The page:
Of course I made a few changes, most unplanned. I was out of eggs, so I used 5 instead of 6. I used broccoli and zucchini instead of spinach since the spinach was expensive. I considered kale but the store was out. Instead of heavy cream I used light cream and reduced it to 1 cup. I swapped Swiss cheese (which is a weird cheese) to mozzarella cheese (according to my friends, its not a real cheese). I read a review that said to add in a dash of nutmeg. I added it in, but I couldn't really taste it.

Refrigerated pie crusts sometimes come in packages of two, but you can always freeze the other. To defrost, I left it on the counter, it took about 30 minutes and rolled out fine.

The egg mix was delish! I would recommend trying different veggies to change the whole meal up.

To reheat: Preheat oven to 350F, heat slice for 10 minutes, turn off oven, let it stay in the oven for another 10. This heats it up nice while keeping the crust crispy.

Bacon and Veg Quiche
Makes 1 pan, 6-8 slices

5 eggs, scrambled
1 cup light cream
salt & pepper
dash of nutmeg (a very small pintch)
1 cup of shredded mozzarella cheese
4 pieces of bacon, cooked than crumbled
1/4 of a small onion, diced
1 cup of chopped broccoli
1 small zucchini, sliced
1 refrigerated pie crust

Cook bacon, drain frying pan as needed. Don't wash the pan, cook the onions for a few minutes. pull off the burner if the pan is too hot and onions start to brown. Add broccoli and cook approx 4-6 minutes.

In a bowl, combine scrambled eggs, cream, salt & pepper, nutmeg, bacon, and cheese.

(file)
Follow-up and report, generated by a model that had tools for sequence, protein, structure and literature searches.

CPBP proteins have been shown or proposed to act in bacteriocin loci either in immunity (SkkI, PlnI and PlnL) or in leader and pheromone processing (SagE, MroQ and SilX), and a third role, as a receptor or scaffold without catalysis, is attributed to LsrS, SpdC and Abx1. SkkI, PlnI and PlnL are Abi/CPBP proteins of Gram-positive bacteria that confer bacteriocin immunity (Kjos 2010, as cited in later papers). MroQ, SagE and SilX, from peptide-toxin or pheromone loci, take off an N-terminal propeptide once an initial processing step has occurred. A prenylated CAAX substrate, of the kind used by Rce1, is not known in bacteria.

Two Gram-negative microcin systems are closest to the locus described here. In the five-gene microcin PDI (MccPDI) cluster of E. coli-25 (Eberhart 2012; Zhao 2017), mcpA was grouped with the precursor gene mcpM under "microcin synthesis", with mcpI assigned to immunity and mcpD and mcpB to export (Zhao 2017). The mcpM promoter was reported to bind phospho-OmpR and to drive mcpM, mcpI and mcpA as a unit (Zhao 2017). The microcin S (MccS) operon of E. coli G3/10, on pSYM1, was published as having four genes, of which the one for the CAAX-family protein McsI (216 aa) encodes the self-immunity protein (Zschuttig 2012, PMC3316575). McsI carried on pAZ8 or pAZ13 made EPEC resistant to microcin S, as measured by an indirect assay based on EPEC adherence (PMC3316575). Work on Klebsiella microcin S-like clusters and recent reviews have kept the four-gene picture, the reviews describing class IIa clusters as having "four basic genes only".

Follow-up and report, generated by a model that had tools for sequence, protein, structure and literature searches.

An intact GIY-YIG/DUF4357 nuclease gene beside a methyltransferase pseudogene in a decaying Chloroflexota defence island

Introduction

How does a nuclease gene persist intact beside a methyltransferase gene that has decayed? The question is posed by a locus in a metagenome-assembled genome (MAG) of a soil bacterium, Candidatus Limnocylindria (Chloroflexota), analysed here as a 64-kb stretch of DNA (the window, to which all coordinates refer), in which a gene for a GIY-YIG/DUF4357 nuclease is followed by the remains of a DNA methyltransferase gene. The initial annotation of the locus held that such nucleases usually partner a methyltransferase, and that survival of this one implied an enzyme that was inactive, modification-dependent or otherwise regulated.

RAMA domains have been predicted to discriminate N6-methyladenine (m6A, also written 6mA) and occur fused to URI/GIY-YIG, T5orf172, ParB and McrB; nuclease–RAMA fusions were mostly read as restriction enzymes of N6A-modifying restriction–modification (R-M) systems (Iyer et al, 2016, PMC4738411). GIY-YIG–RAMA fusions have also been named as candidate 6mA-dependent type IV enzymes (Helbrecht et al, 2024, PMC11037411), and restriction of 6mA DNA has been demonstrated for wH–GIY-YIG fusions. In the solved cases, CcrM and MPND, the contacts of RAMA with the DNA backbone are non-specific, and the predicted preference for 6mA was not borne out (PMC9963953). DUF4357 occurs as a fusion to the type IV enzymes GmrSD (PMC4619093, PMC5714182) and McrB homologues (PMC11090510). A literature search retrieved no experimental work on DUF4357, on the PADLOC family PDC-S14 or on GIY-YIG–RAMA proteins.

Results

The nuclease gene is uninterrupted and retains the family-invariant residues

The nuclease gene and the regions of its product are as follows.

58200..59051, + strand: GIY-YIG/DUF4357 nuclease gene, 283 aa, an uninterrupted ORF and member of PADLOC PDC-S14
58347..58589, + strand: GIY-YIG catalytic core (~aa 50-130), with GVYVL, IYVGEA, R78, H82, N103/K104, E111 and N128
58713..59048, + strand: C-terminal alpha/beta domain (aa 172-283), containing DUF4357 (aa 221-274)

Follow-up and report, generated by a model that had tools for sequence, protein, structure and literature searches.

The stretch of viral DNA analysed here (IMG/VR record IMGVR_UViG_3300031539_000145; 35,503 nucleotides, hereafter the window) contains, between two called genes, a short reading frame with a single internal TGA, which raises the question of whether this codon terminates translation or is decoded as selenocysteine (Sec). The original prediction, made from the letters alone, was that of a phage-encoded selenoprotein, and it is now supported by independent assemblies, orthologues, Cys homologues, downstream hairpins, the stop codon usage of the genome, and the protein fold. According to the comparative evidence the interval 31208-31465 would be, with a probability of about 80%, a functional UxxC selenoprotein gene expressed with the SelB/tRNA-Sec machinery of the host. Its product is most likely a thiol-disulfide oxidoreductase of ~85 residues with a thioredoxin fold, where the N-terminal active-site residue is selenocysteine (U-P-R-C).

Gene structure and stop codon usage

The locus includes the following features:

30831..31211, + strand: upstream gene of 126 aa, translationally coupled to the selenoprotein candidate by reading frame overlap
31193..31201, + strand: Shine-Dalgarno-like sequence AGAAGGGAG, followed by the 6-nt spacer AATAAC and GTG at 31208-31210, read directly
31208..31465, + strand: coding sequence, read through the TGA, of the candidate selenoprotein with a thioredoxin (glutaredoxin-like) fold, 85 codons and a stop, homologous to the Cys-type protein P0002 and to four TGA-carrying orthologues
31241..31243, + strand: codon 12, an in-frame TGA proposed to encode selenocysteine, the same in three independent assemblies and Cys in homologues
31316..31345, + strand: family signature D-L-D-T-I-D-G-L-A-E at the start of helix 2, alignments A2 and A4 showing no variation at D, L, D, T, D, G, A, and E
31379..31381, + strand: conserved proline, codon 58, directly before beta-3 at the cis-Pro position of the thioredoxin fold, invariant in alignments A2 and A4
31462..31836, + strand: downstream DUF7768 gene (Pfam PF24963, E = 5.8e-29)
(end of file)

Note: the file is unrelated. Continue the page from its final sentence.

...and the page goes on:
Put the pie crust in the 9 inch round pan. Place zucchini in the bottom. Pour the egg mix over the top. Bake for 35 minutes at 325. I did the last 10 minutes at 350. Take it out when the top is set and starting to get a little golden.

Wednesday, October 17, 2012

Brown Butter Raviolis with Walnuts and Snap Peas (plus Roasted Asparagus)

One of my friends came over for dinner so we made a variation of the brown butter raviolis with chicken and walnuts. We wanted something lighter, so we omitted the chicken and added in snap peas. We also made a side of roasted asparagus. I've never had roasted asparagus is pretty darn tasty. You should make some too. Roasted veggies are a very easy way to prepare veggies too.

Brown Butter Raviolis with walnuts and snap peas (plus roasted asparagus)
Serves 2
8 jumbo frozen cheese ravioli
1/2 cup walnuts, toasted
1 tsp olive oil
1/4 cup diced onion
1 clove garlic, minced
2 tbsp butter
Snap peas (2-3 handfuls, peeled the ends to get rid of the strings that are along the bean)
1/3 cup fresh sage leaves, sliced into ribbons
Asparagus (peeled from the base of the spiky top to the bottom of the stalk)

Cook according the to package directions.

Toasting Walnuts
Place the walnuts in frying pan on medium heat and toast for ~5 minutes, stirring frequently. Remove and chop.

The Rest of the Meal
Heat a tablespoon of olive oil in the frying pan. Add onions and garlic, saute until soften. Add butter and let it melt. Add the snap peas and the sage. Add the cooked raviolis and walnuts then stir to combine.